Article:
BeOS is easier to install, easier to use, and easier to configure than Linux. It's got a consistent, elegant, lightweight, non-chaotic UI, is POSIX compliant, includes a full bash shell, boots to full GUI in less than 15 seconds, and does multithreaded multitasking like nothing else. It's got a fully journaled 64-bit database-like filesystem. I believe it's far better suited to become a replacement for or alternative to Windows on the desktop than is Linux. BeOS costs just a bit more than a set of Linux CDs. So why is none of this coming to light in the press?
(Neal Stephenson's storied essay In the beginning was the command line [21] makes much the same point, at great and entertainingly readable length.)

Hacker has set up the Alt.OS Usability Challenge [22] to invite tech publications to compare BeOS with Linux by watching real users. The model is to sit down a Windows or MacOS user with a Linux distribution and a BeOS CD and have normal users install, configure, and use the respective systems; observe and report.

I wish I had the time to mount this test myself, but I don't. I'll be curious to see how many publications take up the challenge.

By the way, BeOS Tips is served from Hacker's main BeOS development machine, which is also running 1.7M keys/sec. in the rc5des [23] distributed crack. How many Windows, or even Linux, users would be willing to try this?

[20] http://www.betips.net/
[21] http://www.cryptonomicon.com/beginning.html
[22] http://www.betips.net/challenge/
[23] http://beoscentral.com/teambeos/


Censorware Project roasts N2H2's Bess

Another proof point that the censorware approach is fundamentally flawed

The Censorware Project investigated [24] Bess, a product widely used in schools across the US and Australia and aggressively marketed to libraries, schools, and governments. N2H2 [25], the company that markets Bess, claims that the proxy-based filtering software shields more than seven million schoolchildren. N2H2 is unusual in a couple of ways. They claim not to block by keywords -- that every one of 8 million sites on their block list has been examined by a human. And N2H2 is the first of the censorware companies to announce plans to go public.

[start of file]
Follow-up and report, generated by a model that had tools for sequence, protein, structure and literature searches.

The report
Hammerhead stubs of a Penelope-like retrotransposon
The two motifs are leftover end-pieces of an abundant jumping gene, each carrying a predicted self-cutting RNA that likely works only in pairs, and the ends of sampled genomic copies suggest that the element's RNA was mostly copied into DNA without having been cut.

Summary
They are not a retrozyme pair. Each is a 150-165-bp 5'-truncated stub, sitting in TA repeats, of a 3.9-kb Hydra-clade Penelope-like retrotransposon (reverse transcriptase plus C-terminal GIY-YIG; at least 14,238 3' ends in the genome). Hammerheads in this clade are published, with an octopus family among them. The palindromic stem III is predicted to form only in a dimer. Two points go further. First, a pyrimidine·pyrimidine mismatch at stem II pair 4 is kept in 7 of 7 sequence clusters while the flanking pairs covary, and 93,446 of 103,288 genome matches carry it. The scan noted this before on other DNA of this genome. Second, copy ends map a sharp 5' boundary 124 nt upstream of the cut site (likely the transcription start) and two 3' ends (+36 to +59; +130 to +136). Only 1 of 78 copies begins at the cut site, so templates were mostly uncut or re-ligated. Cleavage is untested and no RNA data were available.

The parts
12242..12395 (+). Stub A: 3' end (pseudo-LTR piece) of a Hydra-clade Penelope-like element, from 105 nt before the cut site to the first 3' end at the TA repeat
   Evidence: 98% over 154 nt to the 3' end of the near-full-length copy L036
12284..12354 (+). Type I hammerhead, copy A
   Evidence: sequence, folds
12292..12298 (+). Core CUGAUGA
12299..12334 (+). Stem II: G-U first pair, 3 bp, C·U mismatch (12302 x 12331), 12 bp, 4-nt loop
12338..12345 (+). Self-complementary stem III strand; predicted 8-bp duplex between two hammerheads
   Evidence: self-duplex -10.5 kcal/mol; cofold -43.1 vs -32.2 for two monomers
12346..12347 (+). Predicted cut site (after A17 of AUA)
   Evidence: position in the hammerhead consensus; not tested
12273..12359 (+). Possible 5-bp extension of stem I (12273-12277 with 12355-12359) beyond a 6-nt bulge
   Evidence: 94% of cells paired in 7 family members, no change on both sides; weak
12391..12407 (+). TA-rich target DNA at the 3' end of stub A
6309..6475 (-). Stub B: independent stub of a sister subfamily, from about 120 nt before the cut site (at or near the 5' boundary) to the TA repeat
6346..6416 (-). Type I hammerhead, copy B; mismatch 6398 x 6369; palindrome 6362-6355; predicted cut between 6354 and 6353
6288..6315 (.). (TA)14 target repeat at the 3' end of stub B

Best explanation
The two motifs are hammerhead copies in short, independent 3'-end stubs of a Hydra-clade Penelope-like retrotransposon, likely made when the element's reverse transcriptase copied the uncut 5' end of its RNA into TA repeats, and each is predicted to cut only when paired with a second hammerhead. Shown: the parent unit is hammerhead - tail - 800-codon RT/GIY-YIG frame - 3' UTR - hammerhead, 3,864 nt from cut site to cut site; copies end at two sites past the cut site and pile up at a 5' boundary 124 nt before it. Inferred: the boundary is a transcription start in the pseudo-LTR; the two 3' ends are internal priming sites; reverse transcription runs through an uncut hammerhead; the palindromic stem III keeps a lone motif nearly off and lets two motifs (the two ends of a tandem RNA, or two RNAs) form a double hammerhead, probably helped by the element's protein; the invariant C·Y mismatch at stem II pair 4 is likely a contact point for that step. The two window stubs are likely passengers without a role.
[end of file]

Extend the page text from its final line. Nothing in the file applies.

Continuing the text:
The Censorware Project found hundreds of porn sites easily accessible, unblocked by proxies in actual use in schools today, as well as numerous sites incorrectly blocked for no discernable reason. The report casts serious doubt on N2H2's claim of 100% human-based filtering, a claim the company president made in Congressional testimony last May.

N2H2 employs 15 full-time and 58 part-time workers to scan Web sites, according to their recent IPO filing. The Censorware Project's report estimates that this number falls short -- by a factor of about 20 -- of the labor force that would be required just to keep up with the Web's growth (2 million pages per day), let alone to track site updates or to classify the 1 billion Web pages already in existence.

Please note that the report [24] necessarily contains some ugly language and many links to offensive sites.

[24] http://censorware.org/reports/bess/
[25] http://www.n2h2.com/


It's a strange world after all (not)

Don't expect the world to end when this Brookhaven device goes live

This BBC article [26] speaks of qualms about Brookhaven National Laboratories' Relativistic Heavy Ion Collider. It seems that once the machine is activated, scientists aren't 100% certain that it won't turn the whole earth into strange matter.

Scientists aren't 100% certain that a glass of water at room temperature won't spontaneously develop ice cubes, either, but it's the way the smart money bets.

The BBC story was pretty convincingly deconstructed on Slashdot [27] (albeit by Anonymous Cowards). Thanks to TBTF Irregular Jamie McCarthy <jamie at mccarthy dot org> for that pointer, and to others regular and Irregular who poured healthy skepticism in my general direction when I posted this item as a Tasty Bit of the Day.

On the American Physical Society's What's New page [28], Robert Park writes: